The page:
Burials and Funerals

[cite] Topher:[/cite] ...You kill me, Carl.

... Then I either eat it or I don't. I tell myself that I could have followed either thought and I do at different times.

... If I am going to hang on a taoist site, I could consider communicating from a taoist perspective.
... Well, I'm trying anyway!

... You just made my point vis-a-vis freewill. If you had choice, you would be able to chose with a snap of the finger which way to go. I suppose you could say you do because you think of both paths and then 'chose' one. Neuroscience has tested 'choice' situations, and they have found through MRI (or PET scans?) that the emotional areas of the brain light up before the cognitive areas. Meaning, your emotions chose the path you take, just like any other animal. The mind is more of an after-the-fact reflective sense (our 6th sense). Although, as we are cognitively unaware of what precedes our reflection, we assume the reflection is the actual 'light' rather than merely a reflection. Moreover, we desperately (emotionally) want to have control of life, and that skews our perception even more. There now, I took the bait!

... Oh God, don't do that! This site is 'quiet' enough. So tease and bait away! You give good grist for the mill of my mind. Thanks.


  • edited December 1969
    I saw some of Presidents Ford's funeral a few days ago. First, I wondered what makes his death special over that of a penniless bum who dies anonymously and ends up in a pauper's grave? Biologically speaking nothing - emotionally everything. Our hierarchal social instinct moves us to revere one and ignore the other. But, this is no problem. Of course, we also grieve for anyone who is 'one of us', and ignore those who are not. We care for our own - those to whom we feel attached in some way. This is no problem either, naturally.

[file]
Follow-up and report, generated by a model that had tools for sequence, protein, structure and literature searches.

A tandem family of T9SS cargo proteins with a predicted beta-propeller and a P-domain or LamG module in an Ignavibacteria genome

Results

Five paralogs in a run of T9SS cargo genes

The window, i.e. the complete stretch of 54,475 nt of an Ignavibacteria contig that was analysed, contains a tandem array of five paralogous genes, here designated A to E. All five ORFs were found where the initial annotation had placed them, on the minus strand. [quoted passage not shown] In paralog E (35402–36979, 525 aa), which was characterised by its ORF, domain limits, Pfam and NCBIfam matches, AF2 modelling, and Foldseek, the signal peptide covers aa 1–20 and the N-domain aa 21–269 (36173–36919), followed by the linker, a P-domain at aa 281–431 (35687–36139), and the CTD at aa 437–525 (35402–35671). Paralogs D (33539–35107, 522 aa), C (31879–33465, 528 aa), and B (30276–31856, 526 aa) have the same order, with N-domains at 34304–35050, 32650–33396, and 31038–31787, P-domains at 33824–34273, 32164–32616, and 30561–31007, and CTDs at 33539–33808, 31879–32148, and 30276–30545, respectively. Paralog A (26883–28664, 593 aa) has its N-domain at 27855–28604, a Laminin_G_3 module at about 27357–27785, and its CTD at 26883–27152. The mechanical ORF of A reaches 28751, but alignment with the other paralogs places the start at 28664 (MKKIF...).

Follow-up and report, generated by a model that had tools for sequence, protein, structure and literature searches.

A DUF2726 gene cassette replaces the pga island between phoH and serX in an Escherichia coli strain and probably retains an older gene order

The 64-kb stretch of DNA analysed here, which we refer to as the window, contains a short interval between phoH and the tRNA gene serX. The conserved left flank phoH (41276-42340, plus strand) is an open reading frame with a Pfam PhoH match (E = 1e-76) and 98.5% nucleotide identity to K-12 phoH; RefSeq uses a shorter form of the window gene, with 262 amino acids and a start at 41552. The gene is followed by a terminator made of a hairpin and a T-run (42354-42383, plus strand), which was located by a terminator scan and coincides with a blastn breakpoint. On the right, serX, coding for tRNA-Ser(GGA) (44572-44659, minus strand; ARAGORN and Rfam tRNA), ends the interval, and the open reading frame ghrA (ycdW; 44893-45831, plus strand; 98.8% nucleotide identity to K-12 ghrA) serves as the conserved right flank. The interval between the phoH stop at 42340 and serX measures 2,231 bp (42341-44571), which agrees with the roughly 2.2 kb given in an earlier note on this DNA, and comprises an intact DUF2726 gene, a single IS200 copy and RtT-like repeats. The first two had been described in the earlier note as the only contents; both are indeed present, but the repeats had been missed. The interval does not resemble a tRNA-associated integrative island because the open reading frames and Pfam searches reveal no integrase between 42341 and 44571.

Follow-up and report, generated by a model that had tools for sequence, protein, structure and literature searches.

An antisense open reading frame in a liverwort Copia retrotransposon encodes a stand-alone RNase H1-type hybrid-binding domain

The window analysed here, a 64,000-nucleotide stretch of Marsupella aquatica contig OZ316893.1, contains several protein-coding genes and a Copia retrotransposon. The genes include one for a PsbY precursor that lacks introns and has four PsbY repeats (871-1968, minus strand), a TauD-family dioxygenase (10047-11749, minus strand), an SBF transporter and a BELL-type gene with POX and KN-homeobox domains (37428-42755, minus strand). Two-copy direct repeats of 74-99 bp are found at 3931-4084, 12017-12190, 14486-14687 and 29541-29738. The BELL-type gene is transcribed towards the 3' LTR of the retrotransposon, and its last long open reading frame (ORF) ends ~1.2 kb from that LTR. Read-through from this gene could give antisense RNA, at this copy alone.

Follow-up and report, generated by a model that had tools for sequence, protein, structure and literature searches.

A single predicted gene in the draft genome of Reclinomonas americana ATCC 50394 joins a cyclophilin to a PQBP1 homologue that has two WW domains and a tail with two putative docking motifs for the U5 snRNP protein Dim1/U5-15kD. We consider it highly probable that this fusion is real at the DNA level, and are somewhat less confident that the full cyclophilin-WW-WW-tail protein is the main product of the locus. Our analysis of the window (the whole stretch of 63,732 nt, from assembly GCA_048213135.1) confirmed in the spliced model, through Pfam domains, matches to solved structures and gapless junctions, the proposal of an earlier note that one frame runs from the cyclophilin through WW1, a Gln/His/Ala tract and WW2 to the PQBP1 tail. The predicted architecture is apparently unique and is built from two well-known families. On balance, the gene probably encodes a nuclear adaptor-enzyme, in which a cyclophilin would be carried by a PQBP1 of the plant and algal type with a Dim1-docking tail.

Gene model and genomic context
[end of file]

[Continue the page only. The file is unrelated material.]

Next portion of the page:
Yet, we often regard favoritism and attachment as being problematic don't we? Non attachment (i.e.,[chref=34]forever free of desire [and] lays no claim[/chref]) and showing [chref=79]no favoritism[/chref] is among humanity's loftiest spiritual virtues which countless people revere to some degree.

    Yet, is [chref=1]always ridding ourselves of desire[/chref] (attachment) the answer? Ironically, when we think it is, we easily become attached to non-attachment. Moreover, trying to [chref=27]abandon[/chref] our hierarchical nature has got to be a by-paths. We are who we are,... so what to do, what to do?

    When all else fails, I find self honesty helps. In this case that means simply recognizing these [chref=2]bad and ugly[/chref] forces within us - attachment and favoritism. Just see it, know it, accept it. Accept it! Accept it? Hmm, that's the difficult part. I suspect the reason we have so much difficulty accepting some obvious things is biological. Once we rationally know a 'problem' exists, emotion drives us to 'fix it'. This gives us a deep subconscious incentive not to see what we can't 'fix' - ourselves. On the other hand, we can easily think up ways how other people can (and should!) 'fix' their problem. This 'passing the buck' also lets us off the hook in a way. At least we are doing something. My motto is, 'If you want to know who's fault anything is, just go look in the mirror'.

    All in all, it is difficult to see ourselves honestly because, in the end, we hate the unanswered, the problem, the unknown, the [chref=56]mysterious[/chref]. Thus, we hold on to our [chref=32]name[/chref], [chref=10]possession, authority[/chref], and belief in our attempt to fill the [chref=25]void[/chref] within. Sure, we like a smidgen of mystery here and a touch there, but no more. Yet, this is all there really is - an eternal problem, question, mystery. Ironically, the way to 'avoid' these is to embrace them. We 'avoid' the mystery by embracing mystery. Likewise, we 'avoid' death by embracing death. Real spiritual 'progress' then hinges on [chref=40]turning back[/chref] to the mystery.

    Alas, our survival instinct will resist us every step of the way. That's why we [chref=53]prefer by-paths[/chref]. No wonder [chref=78]no one can put this knowledge into practice[/chref].
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